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Hacked Emails Show Eric Schmidt Played a Crucial Role in the Clinton Campaign's Election Tech

“I met with Eric Schmidt tonight,” John Podesta, the longtime Hillary Clinton adviser, told campaign manager-in-waiting Robby Mook in April 2014, more than a year before Clinton announced her candidacy for president.

The e-mail, stolen by Russian hackers and published by Wikileaks, details the billionaire Alphabet chairman’s interest in backing Hillary Clinton’s nascent presidential run:

“He’s ready to fund, advise recruit talent, etc. He was more deferential on structure than I expected. Wasn’t pushing to run through one of his existing firms. Clearly wants to be head outside advisor, but didn’t seem like he wanted to push others out. Clearly wants to get going. He’s still in DC tomorrow and would like to meet with you if you are in DC in the afternoon. I think it’s worth doing.”

What did the meeting lead to? As of this week, Schmidt hasn’t bothered to donate a cent directly to Clinton’s campaign. Instead, he has leveraged his Silicon Valley acumen to generate a new source of influence.

Start-ups for Hillary

Schmidt donated $5,000 to Barack Obama’s 2012 campaign and advised it on digital operations; afterward, he invested in several start-ups founded...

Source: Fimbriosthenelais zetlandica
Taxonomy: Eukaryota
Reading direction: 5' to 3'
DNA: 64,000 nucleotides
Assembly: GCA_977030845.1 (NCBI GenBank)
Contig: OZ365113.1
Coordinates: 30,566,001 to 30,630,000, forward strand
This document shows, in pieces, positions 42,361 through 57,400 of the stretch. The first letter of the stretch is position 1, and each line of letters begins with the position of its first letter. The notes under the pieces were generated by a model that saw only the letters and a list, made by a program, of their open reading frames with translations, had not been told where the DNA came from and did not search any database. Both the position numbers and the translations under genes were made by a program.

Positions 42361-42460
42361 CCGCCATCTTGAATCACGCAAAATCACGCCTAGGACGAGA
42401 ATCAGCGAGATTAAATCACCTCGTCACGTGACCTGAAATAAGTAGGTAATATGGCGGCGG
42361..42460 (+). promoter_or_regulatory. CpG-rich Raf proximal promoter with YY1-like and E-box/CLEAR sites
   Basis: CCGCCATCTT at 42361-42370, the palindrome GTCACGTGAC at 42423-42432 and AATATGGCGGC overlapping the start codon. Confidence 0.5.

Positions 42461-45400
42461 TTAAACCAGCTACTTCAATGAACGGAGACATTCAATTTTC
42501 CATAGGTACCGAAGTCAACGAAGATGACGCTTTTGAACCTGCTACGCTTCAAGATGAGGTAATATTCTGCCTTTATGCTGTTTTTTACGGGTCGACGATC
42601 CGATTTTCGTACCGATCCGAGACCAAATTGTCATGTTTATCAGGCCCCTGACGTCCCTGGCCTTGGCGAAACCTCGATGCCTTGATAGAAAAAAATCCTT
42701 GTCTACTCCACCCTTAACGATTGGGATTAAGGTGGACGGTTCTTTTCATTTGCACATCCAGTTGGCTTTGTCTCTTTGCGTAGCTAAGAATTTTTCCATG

Can the FBI Sway an Election?

The FBI has announced that it is investigating newly discovered messages related to Hillary Clinton’s use of a private email server. According to The New York Times, these emails were found in the course of the agency’s investigation of the former New York Congressman Anthony Weiner and the longtime Clinton aide Huma Abedin.  

With just 11 days to go until November 8, FBI Director James Comey’s decision to disclose the investigation could affect the election. The timing raises two important questions: What was his legal obligation to provide the public with information on this investigation, if any, and what could happen to him as a result of his choice? 

It’s possible Comey was partly motivated by fear. When he chose not to prosecute Clinton for her use of a private email server, he was brought before Congress to defend his decision; a hearing at the House Judiciary Committee in September lasted nearly four hours. If he failed to amend his testimony and inform Congress about new evidence potentially relevant to that case, he would almost certainly face more hearings—particularly if the agency discovered information about Clinton’s actions after November 8. “I have a suspicion...

A Hospital is Worried the Presidential Race is Going to Kill Its Patients

The emotional roller coaster of scandals in the US presidential race is enough to cause a heartattack. But really.

A hospital in Long Island, New York, has banned patients from discussing Donald Trump versus Hillary Clinton while using its gym to avoid dangerous spikes in stress, the East Hampton Star reported.

Patients at Southampton Hospital’s cardiopulmonary rehabilitation gym are people who have had heart surgeries or who have been diagnosed with heart disease.